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Threat of killer asteroids downgraded

Hits that could destroy cities predicted every 1,000 years

By Richard Stenger

Artist's concept of a killer asteroid strike
Artist's concept of a killer asteroid strike

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(CNN) -- Space boulders big enough to wipe out a major city slam into the Earth about once every 1,000 years, much less frequently than previously thought, scientists said Wednesday.

The revised calculations come from an unprecedented examination of years of data from U.S. Defense Department satellites that scour the ground for nuclear explosions.

Previous ground-based observations had suggested that asteroids or comets of comparable size pound the planet once every two or three centuries.

"This new method of obtaining information redefines our range of knowledge about how and when asteroids may hit the Earth," said University of Western Ontario astronomer Peter Brown, lead author of a report in the November 21 edition of the journal Nature.

During the past 8.5 years, the military orbiters spotted almost 300 light bursts high in the atmosphere caused by the explosions of meteors between one and 10 meters (3.3 and 33 feet) in diameter.

The satellite scan is an ideal method to track the minor space slabs, which for the most part had eluded scientific scrutiny, according to Robert Jedicke, an astronomer at the University of Arizona.

"In between the harmless little meteors and the civilization-ending flying mountains lies an intermediate regime of objects," Jedicke said in a companion Nature article.

"These objects are too small to be detected with telescopes and too uncommon in their rate of impact to be regularly visible from the planet's surface when they ignite in the upper atmosphere," he wrote.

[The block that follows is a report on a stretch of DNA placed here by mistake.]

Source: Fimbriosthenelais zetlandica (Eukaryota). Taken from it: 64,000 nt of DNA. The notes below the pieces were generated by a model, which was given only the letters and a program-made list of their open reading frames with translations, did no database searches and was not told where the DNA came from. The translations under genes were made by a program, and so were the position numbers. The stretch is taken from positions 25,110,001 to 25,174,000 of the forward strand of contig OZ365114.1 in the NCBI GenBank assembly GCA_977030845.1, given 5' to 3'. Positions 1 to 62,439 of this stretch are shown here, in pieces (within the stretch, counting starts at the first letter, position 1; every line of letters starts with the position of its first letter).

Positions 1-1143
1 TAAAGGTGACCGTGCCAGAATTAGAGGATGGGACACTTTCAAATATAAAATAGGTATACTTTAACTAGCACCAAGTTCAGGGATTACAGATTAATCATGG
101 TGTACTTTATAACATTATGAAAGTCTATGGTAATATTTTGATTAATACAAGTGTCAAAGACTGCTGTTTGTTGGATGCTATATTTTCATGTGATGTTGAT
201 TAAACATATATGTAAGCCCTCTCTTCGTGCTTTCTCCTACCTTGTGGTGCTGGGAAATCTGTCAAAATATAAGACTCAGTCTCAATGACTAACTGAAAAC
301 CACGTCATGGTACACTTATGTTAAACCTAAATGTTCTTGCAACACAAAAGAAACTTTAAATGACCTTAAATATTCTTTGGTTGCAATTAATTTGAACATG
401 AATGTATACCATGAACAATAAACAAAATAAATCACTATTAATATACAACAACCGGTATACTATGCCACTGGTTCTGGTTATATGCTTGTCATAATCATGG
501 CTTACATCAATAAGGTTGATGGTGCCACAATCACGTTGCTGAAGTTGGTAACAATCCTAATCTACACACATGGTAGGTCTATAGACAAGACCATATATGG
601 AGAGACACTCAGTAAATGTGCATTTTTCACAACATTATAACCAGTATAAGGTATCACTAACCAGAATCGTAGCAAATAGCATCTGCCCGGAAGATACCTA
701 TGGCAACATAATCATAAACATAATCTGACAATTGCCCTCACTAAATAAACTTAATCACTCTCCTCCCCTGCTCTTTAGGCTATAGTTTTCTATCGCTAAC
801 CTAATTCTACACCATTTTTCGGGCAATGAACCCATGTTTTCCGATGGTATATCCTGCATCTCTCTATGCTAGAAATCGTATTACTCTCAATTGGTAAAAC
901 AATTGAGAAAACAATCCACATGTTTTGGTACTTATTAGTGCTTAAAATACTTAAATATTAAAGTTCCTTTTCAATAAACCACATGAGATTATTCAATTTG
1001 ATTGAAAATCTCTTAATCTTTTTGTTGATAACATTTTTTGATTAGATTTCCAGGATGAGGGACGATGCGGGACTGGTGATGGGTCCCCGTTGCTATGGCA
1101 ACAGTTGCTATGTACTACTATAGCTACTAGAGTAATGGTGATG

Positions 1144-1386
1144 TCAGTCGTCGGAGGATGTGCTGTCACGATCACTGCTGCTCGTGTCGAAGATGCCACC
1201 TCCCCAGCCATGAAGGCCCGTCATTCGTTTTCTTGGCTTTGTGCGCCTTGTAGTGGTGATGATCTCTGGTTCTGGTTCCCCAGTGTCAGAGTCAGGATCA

Bigger strikes occur less often

Based on the impacts, the research team, which included U.S. Energy Department scientists and an Air Force general, predicted the strike frequency of gradually larger objects.

A small asteroid pierces the atmosphere and releases the energy equivalent of five kilotons (5,000 tons) of TNT about once a year. In comparison, the explosive power is almost half that of the bomb dropped on Hiroshima, Japan during World War II.

Larger objects packing the power of one megaton (one million tons) of TNT, which could cause considerable damage on the ground, arrive about once a century.

An object big enough to do more destruction, like the approximately 40-meter-wide (130-foot-wide) asteroid or comet that exploded over Tungushka, Siberia in 1908, hits about once a millennium.

The blast, equivalent to 10 megatons of TNT, flattened 500,000 acres (2,000 square km) of uninhabited forest. Had the bull's-eye been on New York City, it would have been destroyed, the scientists said.

Some asteroid experts were hesitant to embrace the new prediction rates.

"The new impact rate estimate is based on the assumption that the asteroidal and cometary flux remains more or less constant over time, (but) the data set used is fairly limited and the timespan rather short," said Benny Peiser, director of a U.K.-based group that monitors asteroid threats.

Nevertheless, Peiser welcomed the wealth of additional data.

"The new research substantiates that we are constantly bombarded by cosmic debris large enough to be misinterpreted as a nuclear attack. The findings are a compelling warning that we need to start scanning the skies for those small but potentially harmful intruders."

Killer asteroids at least 0.6 miles (1 km) wide, which could cause planetwide catastrophes, plow into Earth every million years or so, scientists have theorized.

The one thought to have hastened the end of the dinosaurs 65 million years ago was an estimated 6 miles (10 km) in diameter.

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